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David Giller Discusses How to Thrive with Conga Composer

8 min read
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When it comes to getting sticky with Conga Composer, there’s no one better to speak with than Salesforce Enablement Leader, David Giller at Brainiate. I, along with three Conganeers, was thrilled to dig into the foundational best practices around becoming successful with Conga Composer.

David, an attorney and founder of Brainiate, has years of rich experience in Salesforce consulting while working at well-known companies such as GE Capital. His expertise, coupled with a bold personality, makes David a catalyst for any company looking to achieve success with Conga Composer and working in Salesforce. 

Let’s hear what David had to say.

Q: With regard to helping customers with Conga Composer, do you have an example of a customer that you worked with who had a skill gap and what was it?
A: A very common issue with most customers is that they focus on the tactical. They’ll say, here's the document that I'm trying to populate, but they don't understand the original use case. They don't think about how the data is populated or the data schema of how it’s organized to support what they need.

It is typically because their data sucks. And by telling them their data sucks, their configuration sucks, especially when the person you're talking to is the one who built it, it usually doesn't go over very well.

So instead, focus on the problem that you are experiencing and how your data is organized. The reason why we have these obstacles, why we're experiencing this friction is because you've got some [data] in here that we need to detangle and fix so that you can have that clean environment.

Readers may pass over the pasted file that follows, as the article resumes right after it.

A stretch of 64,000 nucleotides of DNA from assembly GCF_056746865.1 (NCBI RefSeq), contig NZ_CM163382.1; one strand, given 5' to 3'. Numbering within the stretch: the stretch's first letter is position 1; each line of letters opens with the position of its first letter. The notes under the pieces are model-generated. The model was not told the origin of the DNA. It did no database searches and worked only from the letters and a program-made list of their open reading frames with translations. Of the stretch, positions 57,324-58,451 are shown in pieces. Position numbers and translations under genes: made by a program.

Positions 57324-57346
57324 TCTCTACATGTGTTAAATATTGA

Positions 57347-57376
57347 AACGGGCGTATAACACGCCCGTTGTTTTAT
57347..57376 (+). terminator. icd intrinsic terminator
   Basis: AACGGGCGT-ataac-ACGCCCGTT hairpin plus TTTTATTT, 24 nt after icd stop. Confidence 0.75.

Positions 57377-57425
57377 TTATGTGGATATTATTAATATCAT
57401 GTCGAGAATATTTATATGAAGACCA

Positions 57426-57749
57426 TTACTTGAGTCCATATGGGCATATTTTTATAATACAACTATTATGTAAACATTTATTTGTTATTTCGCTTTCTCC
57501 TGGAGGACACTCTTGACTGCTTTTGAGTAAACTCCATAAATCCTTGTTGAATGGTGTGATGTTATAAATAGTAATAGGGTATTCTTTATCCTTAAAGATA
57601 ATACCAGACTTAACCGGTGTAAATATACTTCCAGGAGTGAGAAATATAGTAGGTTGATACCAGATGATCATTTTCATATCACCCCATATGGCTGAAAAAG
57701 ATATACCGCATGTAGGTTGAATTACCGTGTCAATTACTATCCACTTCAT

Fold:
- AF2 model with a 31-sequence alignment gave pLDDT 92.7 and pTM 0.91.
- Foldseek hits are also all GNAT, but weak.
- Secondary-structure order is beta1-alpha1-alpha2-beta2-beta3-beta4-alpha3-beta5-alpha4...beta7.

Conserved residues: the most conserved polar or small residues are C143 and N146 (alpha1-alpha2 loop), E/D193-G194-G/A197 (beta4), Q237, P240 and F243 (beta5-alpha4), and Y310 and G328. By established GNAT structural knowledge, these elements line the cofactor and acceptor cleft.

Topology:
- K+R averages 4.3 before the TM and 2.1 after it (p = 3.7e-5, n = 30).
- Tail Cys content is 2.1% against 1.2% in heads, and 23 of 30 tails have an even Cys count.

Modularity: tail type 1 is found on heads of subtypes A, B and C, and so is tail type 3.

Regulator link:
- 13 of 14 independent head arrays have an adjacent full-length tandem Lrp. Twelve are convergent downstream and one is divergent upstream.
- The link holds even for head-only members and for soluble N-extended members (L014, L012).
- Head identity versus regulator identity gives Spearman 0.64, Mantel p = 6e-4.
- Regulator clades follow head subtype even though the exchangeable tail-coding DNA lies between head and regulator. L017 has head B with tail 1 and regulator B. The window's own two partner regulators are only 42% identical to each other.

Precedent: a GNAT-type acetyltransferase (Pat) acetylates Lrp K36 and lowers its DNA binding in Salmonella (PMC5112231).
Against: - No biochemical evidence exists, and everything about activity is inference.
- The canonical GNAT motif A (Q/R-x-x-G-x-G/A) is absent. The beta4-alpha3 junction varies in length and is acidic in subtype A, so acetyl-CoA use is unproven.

Q: Do you have advice to give customers to get sticky with Conga Composer or are there specific steps and best practices?
A: My approach with Conga is similar to my approach with Salesforce and life in general. Keep it simple. Focus on what is the actual problem that you're trying to solve. [For example], if you're going to start using Excel, you don't need to know how to use every damn feature of Excel. No, you need to make it relevant to the use case of what you need just to uncover every single feature of Excel.

I always turn it back to what are the kinds of documents that you want to focus on that you want to use in Conga. I'll start with something relatively small that is a real pain point, something that is truly relevant and critical to their business process.

When working with a client, there certainly will be not one but many documents where there is complex Logic that needs to be built and complex filtering criteria that need to be built. But the first few documents should not be of the more complex types because we want their experience to focus on what this tool can do for you and here's the impact of this tool. Think of it like this is our proof of concept and then we simply start building out the template. More often than not, the client will prefer that me and my team that we do it sort of like behind the scenes that we do it first.

Q: Have you seen commonalities around challenges or lessons learned from customers?
A: Many. Usually, it has to do with project scope, scope creep, understanding what their business requirements are, and understanding their business process. What's your goal? What is it that we're trying to accomplish here? And a lot of times [customers] focus on, within the context of Conga Composer, just a document.